In CMX v EJX [2022] EWFC 136 the court considered a French separation de biens agreement (a separate property regime).  The wife tried to argue that she had not fully understood the agreement and had not had independent legal advice or disclosure.  The husband counter-argued that there had been a notary who explained the agreement to them both and that was the way things were routinely dealt with in France.  The agreement would be upheld in France and the English Court would not simply disregard it.

A key consideration when preparing a PNA is therefore what jurisdiction will govern the PNA.  Typically, a PNA should be drafted to comply with the rules of the country with which the couple have the strongest bonds.  Although this is not necessarily determinative, for example a South African couple, moving to Hong Kong from London may still choose to prepare an English PNA in anticipation of their marriage.  This is a subjective determination and will depend on many matters for example, where each of them are domiciled, where they intend to reside and where the primary assets are based.  It is usually logical to draft the PNA based on where the parties intend to live initially following the marriage ceremony.

In the event that a PNA is prepared and signed in England but there is another relevant jurisdiction in the mix then the key consideration will be the enforceability of the PNA in the foreign jurisdiction. It may be advisable to have a mirror agreement – containing the same terms but signed in the foreign jurisdiction to maximise the chances of it being enforced in either place.  This requires advice to be taken in the second jurisdiction and for the lawyers to work together to understand how the law differs in the respective jurisdictions.  At Payne Hicks Beach we frequently work with overseas lawyers and are able to do so through our connections with the International Academy of Family Lawyers.  In some circumstances it may be necessary to engage lawyers in more than one foreign country.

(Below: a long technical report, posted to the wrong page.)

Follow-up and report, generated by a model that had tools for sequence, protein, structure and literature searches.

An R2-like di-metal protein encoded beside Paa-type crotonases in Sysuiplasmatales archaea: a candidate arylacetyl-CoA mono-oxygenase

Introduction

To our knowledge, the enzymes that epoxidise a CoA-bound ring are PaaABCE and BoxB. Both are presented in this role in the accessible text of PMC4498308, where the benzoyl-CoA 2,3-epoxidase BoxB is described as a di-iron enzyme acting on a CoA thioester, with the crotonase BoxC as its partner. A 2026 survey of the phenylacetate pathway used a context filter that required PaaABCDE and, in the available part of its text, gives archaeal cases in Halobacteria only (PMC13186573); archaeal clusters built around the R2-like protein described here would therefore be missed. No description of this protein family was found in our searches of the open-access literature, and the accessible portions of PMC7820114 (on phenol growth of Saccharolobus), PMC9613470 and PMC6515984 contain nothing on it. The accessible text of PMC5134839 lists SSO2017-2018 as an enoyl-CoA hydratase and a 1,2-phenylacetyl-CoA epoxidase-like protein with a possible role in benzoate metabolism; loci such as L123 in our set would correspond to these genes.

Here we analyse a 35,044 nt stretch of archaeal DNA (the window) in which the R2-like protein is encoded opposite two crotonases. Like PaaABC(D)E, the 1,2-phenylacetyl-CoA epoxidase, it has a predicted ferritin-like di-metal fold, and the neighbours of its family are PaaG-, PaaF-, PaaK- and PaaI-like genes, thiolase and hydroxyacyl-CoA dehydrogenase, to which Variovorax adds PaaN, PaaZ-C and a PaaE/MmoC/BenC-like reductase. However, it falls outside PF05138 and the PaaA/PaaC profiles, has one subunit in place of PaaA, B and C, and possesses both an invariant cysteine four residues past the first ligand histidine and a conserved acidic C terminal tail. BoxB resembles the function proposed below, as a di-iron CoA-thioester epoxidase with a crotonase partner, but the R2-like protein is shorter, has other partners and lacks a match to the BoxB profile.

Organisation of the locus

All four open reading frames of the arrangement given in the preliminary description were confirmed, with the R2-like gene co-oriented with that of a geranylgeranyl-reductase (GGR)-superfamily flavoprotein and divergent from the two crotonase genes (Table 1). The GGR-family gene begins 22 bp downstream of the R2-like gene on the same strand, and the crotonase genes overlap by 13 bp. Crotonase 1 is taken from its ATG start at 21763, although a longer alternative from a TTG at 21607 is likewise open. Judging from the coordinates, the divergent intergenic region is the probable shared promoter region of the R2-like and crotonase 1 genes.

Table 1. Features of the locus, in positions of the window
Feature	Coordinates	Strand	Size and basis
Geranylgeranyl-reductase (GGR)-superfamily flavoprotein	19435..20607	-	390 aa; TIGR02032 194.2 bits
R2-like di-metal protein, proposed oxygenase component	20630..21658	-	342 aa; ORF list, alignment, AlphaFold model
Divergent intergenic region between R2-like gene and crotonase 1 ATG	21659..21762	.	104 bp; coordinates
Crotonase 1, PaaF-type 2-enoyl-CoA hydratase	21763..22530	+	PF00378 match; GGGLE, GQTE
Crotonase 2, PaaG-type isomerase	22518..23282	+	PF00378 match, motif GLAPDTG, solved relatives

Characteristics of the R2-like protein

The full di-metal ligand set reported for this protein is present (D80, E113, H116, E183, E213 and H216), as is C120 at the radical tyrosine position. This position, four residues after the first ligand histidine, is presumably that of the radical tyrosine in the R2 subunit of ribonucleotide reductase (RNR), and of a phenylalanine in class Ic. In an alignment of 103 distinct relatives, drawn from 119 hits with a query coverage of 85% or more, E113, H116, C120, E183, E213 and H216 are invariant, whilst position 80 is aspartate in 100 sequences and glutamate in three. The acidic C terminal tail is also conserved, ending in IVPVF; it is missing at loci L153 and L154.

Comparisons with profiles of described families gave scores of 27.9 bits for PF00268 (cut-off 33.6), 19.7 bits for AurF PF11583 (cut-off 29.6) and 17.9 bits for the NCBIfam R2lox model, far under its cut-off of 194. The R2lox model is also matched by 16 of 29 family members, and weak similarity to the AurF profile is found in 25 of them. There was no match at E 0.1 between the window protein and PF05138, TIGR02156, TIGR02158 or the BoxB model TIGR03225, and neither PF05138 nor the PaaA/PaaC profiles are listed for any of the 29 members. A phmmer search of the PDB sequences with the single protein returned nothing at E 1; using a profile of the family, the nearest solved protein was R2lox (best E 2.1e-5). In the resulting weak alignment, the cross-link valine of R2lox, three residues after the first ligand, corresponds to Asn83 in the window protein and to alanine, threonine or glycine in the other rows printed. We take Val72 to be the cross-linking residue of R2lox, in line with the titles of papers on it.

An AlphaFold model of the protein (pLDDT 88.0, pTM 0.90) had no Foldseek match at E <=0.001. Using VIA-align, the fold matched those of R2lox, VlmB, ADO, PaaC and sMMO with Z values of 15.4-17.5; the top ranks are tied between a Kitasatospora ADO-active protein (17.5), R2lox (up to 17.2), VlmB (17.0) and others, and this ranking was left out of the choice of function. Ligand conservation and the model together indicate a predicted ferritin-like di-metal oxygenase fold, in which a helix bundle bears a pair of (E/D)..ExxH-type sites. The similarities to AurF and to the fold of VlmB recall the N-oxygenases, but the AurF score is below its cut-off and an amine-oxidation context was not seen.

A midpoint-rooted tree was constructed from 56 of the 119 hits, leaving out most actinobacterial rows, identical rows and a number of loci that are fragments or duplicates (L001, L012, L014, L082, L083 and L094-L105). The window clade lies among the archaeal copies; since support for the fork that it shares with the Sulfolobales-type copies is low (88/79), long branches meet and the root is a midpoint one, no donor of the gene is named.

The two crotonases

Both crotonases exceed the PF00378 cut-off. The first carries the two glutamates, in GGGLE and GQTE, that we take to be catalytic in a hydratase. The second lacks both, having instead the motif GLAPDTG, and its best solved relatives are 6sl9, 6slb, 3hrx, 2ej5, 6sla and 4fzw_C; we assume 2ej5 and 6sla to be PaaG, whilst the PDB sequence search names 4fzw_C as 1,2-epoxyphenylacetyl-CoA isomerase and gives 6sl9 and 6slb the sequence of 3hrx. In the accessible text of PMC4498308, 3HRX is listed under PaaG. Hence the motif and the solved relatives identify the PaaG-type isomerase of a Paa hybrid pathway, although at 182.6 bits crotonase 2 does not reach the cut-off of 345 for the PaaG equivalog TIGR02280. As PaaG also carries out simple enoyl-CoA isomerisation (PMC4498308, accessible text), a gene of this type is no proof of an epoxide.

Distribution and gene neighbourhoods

Another consideration is where a couple marry and agree a PNA overseas but subsequently move to England.  In these circumstances it may well be in their interests to sign up to a post nuptial agreement reflecting their earlier agreement.  It is also important to note that even if the parties sign an agreement overseas and then subsequently move to England the court will consider the agreement and what the parties intended by entering into as one of the circumstances of the case.  However, the court would only follow the agreement if the terms were considered fair by the considerations set out in English law.  If a judge considers that the agreement does not abide by the principle of fairness or would leave one party in a predicament of real need then they may choose to depart from it.

There are also practical considerations that may need to be factored in.  For example, whilst a same sex couple can enter into a PNA in England there are some countries which do not recognise same sex marriages and would not uphold the agreement.


If you are considering entering into a PNA prior to a wedding, our advice is to seek legal advice early.  If there is an international dimension it may be necessary to appoint a lawyer in the foreign jurisdiction to advise on the applicable regime in the foreign country and also on the enforceability of an agreement.  Leaving plenty of time to determine how best to proceed is essential.  There will be negotiations over the terms of the agreement, the drafting and inevitably the costs of preparing the agreement will be higher than for a conventional English PNA.  If there is a question mark over where a couple will live during the marriage then it may be sensible to build in a review clause for the PNA to be re-considered in the event of an overseas move.

For further information, please contact Victoria Hingston or Kelly Gerrard, Partner and Legal Director respectively in the Family Department or your usual contact in the Family Department or, alternatively, telephone on 020 7465 4300.

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Kelly Gerrard